Papa John’s Pizza Inc. is an international pizza restaurant franchise based in Jeffersontown, Kentucky. It is a publicly traded company on NASDAQ and the fourth largest pizza chain in the United States. For years, Papa John’s experienced growth and success, being an official sponsor of the NFL and having numerous recognitions. However, in late 2017, it began to experience severe decline, experiencing five straight quarters of declining sales.
In the first quarter of 2020 it saw a stagnating growth between 1-5% but that is expected to be wiped out by the ongoing coronavirus situation. Major reasons for declining sales included internal organizational factors and behaviors such as issues with leadership, poor management structure, lack of innovation, and quality issues among others. This report will investigate the causes to the decline of the Papa John’s Pizza corporation and provide a change plan on how organizational performance can be improved.
The company first began reporting slowdown in sales in October of 2017. Many of these issues stemmed from consumer sentiment challenges that the brand experienced in the United States. Associated costs of relaunching loyalty program initiatives as well as a number of ineffective promotions contributed to this. The creative and value offerings of Papa John’s were poorly resonating with consumers in a highly competitive market. This is further exacerbated by the company’s pricing and advertising strategy. Once partnered with the NFL in 2010, that became the chain’s sole focus of market targeting and advertising.
Spending tens of millions of dollars on game day advertising and emphasizing that the company is the partner of the NFL became more important than the food itself. Second, the pricing for Papa John’s pizza is extremely high in comparison to competition. Innovation is a significant issue at Papa John’s, with very few additions to the menu. While the company remained better than most in terms of quality for many years, its major competitors have caught up and innovated. Meanwhile, Papa John’s notably stagnated or even declined in quality, pushing consumers away in combination with high prices.
At the same time, Papa John’s experienced a crisis of leadership. John Schnatter, the founder and CEO of the company at the time got involved in two separate, but highly prolific controversies. At first, he voiced frustration at NFL which is one of Papa John’s biggest national partners, blaming sales decline on handling of player protests by the league. A few months later, it was revealed that Schnatter had used a racial slur on a company conference call.
By July of 2018, Schnatter resigned as CEO and stepped away from any executive roles. Despite, the company attempting to distance itself from its founder, Schnatter was the direct brand and literal image of the Papa John’s company and logo that had been embedded into marketing for decades. Internal organizational culture had been notably struggling and in disarray for years under the leadership of Schnatter.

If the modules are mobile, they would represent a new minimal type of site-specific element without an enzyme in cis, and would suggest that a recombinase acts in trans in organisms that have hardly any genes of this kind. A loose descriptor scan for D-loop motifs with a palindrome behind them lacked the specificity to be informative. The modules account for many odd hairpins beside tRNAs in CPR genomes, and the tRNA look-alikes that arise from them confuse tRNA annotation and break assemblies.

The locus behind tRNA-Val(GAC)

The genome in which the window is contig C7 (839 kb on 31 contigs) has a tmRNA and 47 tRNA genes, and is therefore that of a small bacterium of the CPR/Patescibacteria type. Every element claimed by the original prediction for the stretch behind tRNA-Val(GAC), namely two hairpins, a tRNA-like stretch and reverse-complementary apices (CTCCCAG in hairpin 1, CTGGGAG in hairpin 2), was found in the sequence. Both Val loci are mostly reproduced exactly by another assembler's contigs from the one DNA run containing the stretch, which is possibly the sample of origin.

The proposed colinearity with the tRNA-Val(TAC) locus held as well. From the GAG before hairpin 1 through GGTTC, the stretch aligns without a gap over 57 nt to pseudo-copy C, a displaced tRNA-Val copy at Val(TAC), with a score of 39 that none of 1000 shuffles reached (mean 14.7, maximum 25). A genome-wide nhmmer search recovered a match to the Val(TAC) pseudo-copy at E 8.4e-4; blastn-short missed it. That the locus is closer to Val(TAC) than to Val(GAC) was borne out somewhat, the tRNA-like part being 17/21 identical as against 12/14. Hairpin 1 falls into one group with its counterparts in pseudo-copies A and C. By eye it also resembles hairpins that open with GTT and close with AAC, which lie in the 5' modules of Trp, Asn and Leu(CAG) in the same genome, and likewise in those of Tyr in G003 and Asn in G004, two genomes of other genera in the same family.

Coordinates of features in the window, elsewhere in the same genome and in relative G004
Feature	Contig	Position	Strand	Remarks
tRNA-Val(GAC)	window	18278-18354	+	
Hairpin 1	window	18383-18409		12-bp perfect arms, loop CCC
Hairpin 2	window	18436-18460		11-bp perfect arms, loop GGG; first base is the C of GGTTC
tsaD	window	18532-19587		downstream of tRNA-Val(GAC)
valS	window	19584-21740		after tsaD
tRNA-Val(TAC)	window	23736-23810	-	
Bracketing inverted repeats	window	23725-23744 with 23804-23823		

The company was forced to launch an internal audit on diversity and inclusion practices as well. The company is currently undergoing a reshuffle of its top management as well because of the company lacking focus and stability for the past years. The current objectives currently for the company involve improving operations, marketing strategies, and changing the internal corporate culture.
Motivation is essential for effective organizational performance and is dependent on human activity. Various elements explored later such as work organization, leadership styles, and work design have impactful influence on attitude, satisfaction, and motivations of staff. Performance is directly associated with function which consists of ability combined with motivation. The motivation model cycle is based on needs and expectations being met that result in a driving force of action to achieve desired objectives, that in turn, provide fulfillment (Zhou, 2018).
For years, motivation at Papa John’s was based on attitude and passion, stemming from its leadership and founder Schnatter, famously noting “hire for attitude, train for aptitude.” This is based on intrinsic motivation of psychological rewards, using employee abilities and creating a sense of challenge and achievement. In a way, it was a poor application of Vroom’s expectancy theory model which included valence, instrumentality, and expectancy to combine the motivational force.
Expectancy is the perceived probability that effort will lead to first-level performance-related outcomes. There for expended effort leads to level of performance the first-level outcome is high productivity. Instrumentality is how first-level outcomes transition to second-level needs outcomes such as praise, higher wages, promotion, and camaraderie in the workplace (Mullins & Christy, 2016).